South Carolina Sen. Lindsey O. Graham (R) knows that he can't stop Chuck Hagel's confirmation as secretary of defense -- at this point only Hagel, President Obama or a huge revelation can do that -- but he signaled Sunday that he is keeping his options open when it comes to a confirmation vote.

South Carolina Sen. Lindsey Graham.

Graham indicated that he is reserving the right to put a hold on the nominations of Hagel and John O. Brennan, Obama's choice to be the next CIA director, until the administration provides more details on the Sept. 11, 2012, attacks in Benghazi, Libya, that left four U.S. diplomats dead.

“I don’t know what the president did that evening. I don’t know if he ever called anyone,” Graham said on CBS's "Face the Nation." “This was incredibly mismanaged. And what we know now — this seems to be a very disengaged president.”

While there's no doubt that Graham does genuinely believe that the administration has not been forthcoming regarding what actually happened in Benghazi, there's also more going here that better explains -- and contextualizes -- his approach to the Hagel and Brennan confirmations.

Remember that Graham is up for reelection in 2014 and has been, for the better part of his first term, someone whom conservatives have viewed skeptically -- particularly regarding his support for comprehensive immigration reform (Lindsey Graham-nesty!) and his comments on climate change.

Recent primary losses by the likes of Sens. Dick Lugar (Ind.), Lisa Murkowski (Alaska) and Bob Bennett (Utah)  -- not to mention the serious primary fight that Graham's best pal John McCain faced in 2010 -- all had one thing in common: a well-regarded senator in Washington ran into a relatively unknown conservative who painted the incumbent as insufficiently loyal to the party's first principles. (McCain might have had a much bigger problem if conservatives hadn't settled on former congressman -- and terrible candidate -- J.D. Hayworth as their preferred standard-bearer.)

Graham, who is one of the most savvy politicians operating in Washington these days, is well aware of that track record for GOP senators willing to occasionally thumb their noses at the party base. And he knows that lots and lots of conservatives in South Carolina regard him that way.

Fighting the administration like hell -- particularly on the former Republican Hagel -- then is a way for Graham to prove to (or, maybe remind) the party base that while they may not be with him on every issue, he remains a committed conservative. Graham is making sure voters know that even if they don't like him, they like Obama even less. It's a classic case of the enemy of my enemy is my friend.

And Graham's stand on Hagel and Brennan comes as conservatives in South Carolina continue to search -- so far without success -- for someone to run against him. While state Sen. Tom Davis, whose name had been bouncing around for months, decided not to run, another state lawmaker named Lee Bright is now considering a bid.

To be clear: Graham's opposition to Hagel/Brennan is not solely due to political concerns. But, neither is it the result purely of his desire to get more information about Benghazi. As always -- or almost always -- political and policy concerns are deeply intertwined here.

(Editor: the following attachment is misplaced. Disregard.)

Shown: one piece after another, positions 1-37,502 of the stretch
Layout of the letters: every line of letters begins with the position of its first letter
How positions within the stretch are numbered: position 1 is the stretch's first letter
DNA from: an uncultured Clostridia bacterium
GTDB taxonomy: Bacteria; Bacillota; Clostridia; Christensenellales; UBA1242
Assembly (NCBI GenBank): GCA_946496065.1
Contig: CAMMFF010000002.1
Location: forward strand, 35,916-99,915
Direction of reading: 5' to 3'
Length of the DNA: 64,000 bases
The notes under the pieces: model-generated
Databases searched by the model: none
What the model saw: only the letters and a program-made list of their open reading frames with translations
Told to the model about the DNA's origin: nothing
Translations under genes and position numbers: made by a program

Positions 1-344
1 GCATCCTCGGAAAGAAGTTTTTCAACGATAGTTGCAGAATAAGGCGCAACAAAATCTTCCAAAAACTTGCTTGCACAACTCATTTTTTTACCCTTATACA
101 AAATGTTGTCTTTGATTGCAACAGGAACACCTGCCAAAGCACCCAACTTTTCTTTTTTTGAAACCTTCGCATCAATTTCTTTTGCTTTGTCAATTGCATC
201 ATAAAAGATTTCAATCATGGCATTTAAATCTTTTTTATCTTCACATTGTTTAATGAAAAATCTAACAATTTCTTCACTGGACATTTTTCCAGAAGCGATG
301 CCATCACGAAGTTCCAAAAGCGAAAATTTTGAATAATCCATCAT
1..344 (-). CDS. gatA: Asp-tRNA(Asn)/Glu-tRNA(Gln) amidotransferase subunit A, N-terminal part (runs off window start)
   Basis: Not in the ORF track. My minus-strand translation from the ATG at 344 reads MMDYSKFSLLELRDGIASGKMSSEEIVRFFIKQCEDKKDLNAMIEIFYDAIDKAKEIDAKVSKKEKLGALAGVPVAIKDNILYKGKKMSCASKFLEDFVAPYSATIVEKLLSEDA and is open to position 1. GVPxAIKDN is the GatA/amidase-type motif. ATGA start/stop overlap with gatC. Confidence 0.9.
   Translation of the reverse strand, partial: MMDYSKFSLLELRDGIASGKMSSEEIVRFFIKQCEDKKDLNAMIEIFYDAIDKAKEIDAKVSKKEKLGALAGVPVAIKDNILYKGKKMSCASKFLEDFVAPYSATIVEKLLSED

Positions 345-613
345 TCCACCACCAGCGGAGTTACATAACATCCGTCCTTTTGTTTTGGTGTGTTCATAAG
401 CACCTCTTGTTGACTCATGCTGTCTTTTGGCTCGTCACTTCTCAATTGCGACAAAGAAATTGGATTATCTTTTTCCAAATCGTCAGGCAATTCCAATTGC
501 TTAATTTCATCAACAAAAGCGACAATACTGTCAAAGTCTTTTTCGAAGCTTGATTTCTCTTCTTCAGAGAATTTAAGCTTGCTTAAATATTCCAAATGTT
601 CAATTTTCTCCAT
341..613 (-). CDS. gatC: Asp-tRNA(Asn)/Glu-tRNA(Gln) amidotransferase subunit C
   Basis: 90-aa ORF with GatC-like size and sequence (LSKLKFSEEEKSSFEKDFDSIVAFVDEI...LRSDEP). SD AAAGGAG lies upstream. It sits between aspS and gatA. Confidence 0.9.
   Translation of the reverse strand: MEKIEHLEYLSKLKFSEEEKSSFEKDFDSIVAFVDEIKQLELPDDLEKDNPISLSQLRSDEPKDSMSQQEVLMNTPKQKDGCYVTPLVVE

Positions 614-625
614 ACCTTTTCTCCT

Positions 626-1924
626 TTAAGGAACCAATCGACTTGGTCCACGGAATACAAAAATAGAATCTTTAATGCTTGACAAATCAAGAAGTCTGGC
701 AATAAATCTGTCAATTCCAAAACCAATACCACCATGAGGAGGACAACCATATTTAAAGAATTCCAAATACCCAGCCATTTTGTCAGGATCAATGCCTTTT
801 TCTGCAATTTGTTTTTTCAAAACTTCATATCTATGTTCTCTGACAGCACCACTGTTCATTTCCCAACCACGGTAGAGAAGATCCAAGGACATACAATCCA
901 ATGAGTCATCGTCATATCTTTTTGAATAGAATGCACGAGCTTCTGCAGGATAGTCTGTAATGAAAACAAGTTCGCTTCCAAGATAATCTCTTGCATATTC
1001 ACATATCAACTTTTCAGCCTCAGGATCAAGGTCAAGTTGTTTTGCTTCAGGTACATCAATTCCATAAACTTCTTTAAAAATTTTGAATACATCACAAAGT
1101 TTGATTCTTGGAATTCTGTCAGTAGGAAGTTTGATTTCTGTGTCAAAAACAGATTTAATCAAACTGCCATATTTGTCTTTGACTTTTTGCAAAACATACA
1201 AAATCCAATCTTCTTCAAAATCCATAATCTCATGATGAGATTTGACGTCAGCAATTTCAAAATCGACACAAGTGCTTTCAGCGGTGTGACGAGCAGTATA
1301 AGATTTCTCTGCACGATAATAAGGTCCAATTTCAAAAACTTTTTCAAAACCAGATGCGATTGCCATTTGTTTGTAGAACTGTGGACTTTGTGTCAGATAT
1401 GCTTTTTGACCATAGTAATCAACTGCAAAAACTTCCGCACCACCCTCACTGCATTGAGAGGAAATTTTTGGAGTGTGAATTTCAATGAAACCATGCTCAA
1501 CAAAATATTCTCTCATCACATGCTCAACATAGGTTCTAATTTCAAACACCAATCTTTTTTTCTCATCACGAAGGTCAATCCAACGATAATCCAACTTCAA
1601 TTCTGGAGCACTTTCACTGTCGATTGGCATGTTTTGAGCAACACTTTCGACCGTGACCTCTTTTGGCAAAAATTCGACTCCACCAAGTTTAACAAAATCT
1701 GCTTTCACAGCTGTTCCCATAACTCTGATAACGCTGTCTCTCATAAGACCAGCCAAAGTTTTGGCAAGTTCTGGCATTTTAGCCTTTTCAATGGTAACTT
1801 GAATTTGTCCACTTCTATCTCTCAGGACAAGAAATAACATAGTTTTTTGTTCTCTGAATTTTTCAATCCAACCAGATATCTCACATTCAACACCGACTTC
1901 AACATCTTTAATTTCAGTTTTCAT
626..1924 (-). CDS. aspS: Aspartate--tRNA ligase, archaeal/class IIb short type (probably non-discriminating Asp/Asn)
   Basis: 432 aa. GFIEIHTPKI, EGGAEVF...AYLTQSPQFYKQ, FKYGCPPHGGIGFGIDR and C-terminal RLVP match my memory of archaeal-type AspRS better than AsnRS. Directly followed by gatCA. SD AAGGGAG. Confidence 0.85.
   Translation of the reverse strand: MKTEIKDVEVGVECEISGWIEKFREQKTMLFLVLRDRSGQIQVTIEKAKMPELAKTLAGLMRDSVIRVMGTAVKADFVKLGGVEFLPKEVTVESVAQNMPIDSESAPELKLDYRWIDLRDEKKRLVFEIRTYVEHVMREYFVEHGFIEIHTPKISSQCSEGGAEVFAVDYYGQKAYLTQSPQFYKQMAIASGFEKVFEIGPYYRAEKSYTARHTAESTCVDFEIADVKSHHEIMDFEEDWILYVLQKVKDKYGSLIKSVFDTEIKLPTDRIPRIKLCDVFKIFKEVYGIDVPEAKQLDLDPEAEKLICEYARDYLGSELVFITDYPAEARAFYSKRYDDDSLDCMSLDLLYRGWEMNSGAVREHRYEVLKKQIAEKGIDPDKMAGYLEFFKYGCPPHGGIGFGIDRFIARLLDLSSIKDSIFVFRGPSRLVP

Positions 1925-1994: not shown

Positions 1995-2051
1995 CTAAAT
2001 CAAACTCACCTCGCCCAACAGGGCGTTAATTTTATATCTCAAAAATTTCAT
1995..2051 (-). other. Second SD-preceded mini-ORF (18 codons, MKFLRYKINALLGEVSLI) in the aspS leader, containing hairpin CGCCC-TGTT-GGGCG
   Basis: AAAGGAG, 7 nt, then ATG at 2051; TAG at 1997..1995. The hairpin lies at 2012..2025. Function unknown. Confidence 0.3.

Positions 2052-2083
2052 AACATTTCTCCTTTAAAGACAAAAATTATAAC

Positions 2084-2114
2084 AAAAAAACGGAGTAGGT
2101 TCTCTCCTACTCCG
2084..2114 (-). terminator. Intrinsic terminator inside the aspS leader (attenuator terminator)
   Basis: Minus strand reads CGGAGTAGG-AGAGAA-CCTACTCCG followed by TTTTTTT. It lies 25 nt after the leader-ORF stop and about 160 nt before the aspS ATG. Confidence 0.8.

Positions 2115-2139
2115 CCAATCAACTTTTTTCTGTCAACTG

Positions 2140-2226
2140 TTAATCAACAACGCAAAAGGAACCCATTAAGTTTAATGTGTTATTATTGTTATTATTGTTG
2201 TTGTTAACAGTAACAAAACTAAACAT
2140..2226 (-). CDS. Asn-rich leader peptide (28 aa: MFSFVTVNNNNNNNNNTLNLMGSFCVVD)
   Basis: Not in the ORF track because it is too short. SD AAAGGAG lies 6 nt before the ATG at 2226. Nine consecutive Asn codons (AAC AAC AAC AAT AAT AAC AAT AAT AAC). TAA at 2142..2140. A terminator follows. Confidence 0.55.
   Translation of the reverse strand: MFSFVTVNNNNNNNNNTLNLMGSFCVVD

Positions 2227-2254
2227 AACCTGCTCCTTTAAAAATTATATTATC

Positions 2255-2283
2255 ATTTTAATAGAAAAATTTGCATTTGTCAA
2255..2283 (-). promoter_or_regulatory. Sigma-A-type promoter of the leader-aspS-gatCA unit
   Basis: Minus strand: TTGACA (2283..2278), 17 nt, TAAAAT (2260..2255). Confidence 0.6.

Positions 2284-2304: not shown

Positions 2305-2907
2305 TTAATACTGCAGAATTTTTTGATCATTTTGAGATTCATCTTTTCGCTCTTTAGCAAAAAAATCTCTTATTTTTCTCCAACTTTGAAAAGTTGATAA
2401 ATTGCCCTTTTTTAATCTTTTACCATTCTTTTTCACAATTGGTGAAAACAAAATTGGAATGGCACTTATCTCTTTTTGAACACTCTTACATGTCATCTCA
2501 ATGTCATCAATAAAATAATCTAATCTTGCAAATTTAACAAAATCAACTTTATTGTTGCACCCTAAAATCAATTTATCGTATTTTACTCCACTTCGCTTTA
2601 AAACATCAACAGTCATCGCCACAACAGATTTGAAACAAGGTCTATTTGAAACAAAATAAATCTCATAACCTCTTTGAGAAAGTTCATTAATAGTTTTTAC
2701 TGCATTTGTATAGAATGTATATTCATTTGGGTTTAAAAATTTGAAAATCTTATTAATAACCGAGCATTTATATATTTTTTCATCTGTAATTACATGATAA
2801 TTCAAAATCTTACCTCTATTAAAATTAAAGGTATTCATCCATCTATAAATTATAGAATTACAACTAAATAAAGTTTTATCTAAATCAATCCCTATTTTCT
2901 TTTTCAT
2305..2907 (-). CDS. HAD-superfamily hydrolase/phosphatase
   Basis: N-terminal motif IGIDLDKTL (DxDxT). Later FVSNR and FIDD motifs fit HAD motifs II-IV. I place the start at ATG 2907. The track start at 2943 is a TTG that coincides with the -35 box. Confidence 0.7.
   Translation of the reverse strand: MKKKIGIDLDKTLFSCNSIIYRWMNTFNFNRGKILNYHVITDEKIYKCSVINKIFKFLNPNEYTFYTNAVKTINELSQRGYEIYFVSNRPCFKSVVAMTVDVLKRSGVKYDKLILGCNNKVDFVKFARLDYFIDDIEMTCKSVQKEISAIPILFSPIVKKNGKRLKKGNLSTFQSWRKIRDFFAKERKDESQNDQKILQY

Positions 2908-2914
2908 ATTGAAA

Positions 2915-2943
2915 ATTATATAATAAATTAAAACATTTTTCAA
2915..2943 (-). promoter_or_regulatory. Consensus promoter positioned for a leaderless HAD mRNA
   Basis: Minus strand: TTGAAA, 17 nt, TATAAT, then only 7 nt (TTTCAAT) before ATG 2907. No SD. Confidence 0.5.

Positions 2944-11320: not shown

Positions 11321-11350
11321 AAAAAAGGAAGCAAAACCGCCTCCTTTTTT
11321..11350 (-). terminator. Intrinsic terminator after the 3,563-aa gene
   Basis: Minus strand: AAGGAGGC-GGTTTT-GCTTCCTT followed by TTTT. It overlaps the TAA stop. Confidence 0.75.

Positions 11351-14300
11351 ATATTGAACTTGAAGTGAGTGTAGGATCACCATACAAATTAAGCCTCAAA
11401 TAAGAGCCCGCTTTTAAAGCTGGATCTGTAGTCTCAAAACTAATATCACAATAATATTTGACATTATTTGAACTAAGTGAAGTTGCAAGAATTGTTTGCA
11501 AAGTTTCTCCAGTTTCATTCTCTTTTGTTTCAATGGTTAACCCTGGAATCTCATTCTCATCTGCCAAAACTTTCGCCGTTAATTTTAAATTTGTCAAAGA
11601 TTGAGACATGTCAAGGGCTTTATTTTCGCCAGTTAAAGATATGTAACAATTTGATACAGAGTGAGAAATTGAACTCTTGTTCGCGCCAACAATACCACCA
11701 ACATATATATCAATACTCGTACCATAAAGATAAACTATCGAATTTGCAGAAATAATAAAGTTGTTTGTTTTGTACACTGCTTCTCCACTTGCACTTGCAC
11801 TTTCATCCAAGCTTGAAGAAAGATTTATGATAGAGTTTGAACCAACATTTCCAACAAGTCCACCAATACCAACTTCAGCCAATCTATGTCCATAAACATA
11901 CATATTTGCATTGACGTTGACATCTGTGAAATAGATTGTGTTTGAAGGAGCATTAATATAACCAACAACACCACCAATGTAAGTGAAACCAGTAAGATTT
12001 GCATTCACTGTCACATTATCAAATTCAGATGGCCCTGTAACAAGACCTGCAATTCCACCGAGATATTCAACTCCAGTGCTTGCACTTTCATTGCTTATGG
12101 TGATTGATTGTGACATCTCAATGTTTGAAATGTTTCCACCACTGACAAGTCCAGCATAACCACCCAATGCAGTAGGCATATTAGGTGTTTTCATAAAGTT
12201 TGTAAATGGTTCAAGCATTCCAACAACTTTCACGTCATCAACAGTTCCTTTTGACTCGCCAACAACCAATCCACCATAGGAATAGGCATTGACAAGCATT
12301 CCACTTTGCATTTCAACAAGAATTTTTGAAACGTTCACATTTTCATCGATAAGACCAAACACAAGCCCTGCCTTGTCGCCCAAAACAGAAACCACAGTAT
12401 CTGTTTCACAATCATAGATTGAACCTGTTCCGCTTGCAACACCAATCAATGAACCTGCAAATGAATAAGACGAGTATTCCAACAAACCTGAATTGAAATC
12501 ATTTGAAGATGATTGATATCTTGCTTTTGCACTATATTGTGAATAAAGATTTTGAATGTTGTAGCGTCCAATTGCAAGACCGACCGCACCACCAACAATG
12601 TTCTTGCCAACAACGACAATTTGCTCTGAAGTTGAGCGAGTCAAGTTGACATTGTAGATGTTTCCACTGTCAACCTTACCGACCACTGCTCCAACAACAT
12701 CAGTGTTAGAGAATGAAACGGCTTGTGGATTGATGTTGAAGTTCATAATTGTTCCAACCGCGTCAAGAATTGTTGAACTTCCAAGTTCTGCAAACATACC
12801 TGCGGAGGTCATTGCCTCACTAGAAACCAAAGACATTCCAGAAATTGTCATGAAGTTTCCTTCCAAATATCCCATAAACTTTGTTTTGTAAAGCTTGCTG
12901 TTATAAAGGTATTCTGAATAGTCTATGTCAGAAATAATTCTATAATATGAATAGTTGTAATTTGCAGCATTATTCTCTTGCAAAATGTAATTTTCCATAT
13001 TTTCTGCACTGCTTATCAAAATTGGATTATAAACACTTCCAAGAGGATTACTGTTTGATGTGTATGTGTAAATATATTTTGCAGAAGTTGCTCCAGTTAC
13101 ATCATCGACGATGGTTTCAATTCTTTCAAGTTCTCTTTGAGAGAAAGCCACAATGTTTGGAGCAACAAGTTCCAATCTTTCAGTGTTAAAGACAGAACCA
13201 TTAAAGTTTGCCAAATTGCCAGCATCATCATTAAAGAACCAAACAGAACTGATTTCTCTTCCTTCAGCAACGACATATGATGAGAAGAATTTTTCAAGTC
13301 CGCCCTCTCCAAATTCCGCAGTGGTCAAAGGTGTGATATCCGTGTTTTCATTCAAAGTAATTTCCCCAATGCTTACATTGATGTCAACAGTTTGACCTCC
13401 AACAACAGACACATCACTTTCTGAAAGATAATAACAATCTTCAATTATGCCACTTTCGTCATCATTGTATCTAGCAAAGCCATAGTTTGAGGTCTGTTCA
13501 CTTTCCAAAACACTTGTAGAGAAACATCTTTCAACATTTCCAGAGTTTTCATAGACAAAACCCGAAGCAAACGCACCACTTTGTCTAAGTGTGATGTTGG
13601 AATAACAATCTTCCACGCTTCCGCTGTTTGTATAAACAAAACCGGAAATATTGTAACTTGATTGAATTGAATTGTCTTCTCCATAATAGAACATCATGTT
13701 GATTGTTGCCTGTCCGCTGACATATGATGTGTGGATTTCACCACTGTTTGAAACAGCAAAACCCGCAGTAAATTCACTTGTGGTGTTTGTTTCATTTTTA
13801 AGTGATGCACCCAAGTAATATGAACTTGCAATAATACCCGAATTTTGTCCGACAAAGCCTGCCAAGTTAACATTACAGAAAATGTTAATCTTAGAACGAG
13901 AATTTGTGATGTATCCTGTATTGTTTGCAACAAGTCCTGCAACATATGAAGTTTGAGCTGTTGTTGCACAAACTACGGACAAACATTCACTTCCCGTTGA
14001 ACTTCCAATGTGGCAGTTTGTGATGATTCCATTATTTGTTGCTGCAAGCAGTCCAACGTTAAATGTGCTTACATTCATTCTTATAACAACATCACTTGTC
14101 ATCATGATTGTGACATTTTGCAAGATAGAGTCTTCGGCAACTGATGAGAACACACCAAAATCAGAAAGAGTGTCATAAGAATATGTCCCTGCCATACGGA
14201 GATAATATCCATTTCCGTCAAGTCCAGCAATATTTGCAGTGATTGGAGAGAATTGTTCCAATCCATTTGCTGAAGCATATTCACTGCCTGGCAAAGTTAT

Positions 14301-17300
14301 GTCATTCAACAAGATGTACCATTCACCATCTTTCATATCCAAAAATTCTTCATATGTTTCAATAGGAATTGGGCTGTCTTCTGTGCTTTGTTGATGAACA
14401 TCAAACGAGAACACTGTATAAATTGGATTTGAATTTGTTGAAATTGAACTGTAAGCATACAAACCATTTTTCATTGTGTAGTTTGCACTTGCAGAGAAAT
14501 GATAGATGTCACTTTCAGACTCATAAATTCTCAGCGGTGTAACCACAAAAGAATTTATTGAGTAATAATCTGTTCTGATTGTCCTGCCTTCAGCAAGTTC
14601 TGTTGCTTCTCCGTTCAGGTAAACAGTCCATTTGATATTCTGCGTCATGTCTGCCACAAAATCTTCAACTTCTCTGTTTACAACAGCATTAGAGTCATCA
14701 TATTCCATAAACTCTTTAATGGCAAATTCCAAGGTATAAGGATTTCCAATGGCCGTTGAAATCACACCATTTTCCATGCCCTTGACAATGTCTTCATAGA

Understanding how those two worlds can work to strengthen his overall position is what makes Graham a very good politician -- and is what may keep him from following in the unenviable footsteps of Lugar and Bennett come 2014.

Obama to focus SOTU on economy: President Obama will keep his State of the Union speech Tuesday focused on the economy, even as issues of guns and illegal immigration have emerged as key priorities early in his second term.

The Post's Scott Wilson reports that Obama will again call for investment in infrastructure and research to help the United States compete in an increasingly global economy. He will also focus on the jobs picture after unemployment ticked up last month.

“Our single biggest remaining challenge is to get our economy in a place where the middle class is feeling less squeezed, where incomes sustain families,” said a senior administration official. The official added: "His project is not complete, by any means."

The economy has also been the preeminent focus of Obama's four previous addresses.


Obama will push for a reduction in nuclear arms.

Rep. Tom Cole (R-Okla.) says the GOP's "existential crisis" is overblown.

Sen. Angus King (I-Maine) is still balking at the assault weapons ban.

Rep. Allyson Schwartz (D-Pa.) is very close to getting into the 2014 Pennsylvania governor's race, which would pit her against Gov. Tom Corbett (R).

Sen. Rand Paul (R-Ky.) says that his Kentucky colleague, Senate Minority Leader Mitch McConnell (R-Ky.), probably won't face a primary challenge.

Missouri Republicans have nominated state Rep. Jason Smith (R) for the special election to replace Rep. Jo Ann Emerson (R-Mo.). Smith will be a heavy favorite.

House Democrats think they can put House Republicans on the defensive on guns.

The Nevada state assemblyman who was recently arrested for threatening to shoot the speaker of the assembly has now been arrested for domestic battery.

Ron Paul wants to take control of, which is currently run by his supporters.


"Marco Rubio emerges as GOP’s star. But is he the answer for Republicans?" -- Karen Tumulty and Manuel Roig-Franzia, Washington Post

"Mark Sanford's confessional campaign" -- Alex Isenstadt, Politico

"Many 2011 federal budget cuts had little real-world effect" -- David A. Fahrenthold, Washington Post

"Obama keeps newspaper reporters at arm’s length" -- Paul Farhi, Washington Post

"Giffords Eases Steadily Into New Life, and Cause" -- Jennifer Steinhauer, New York Times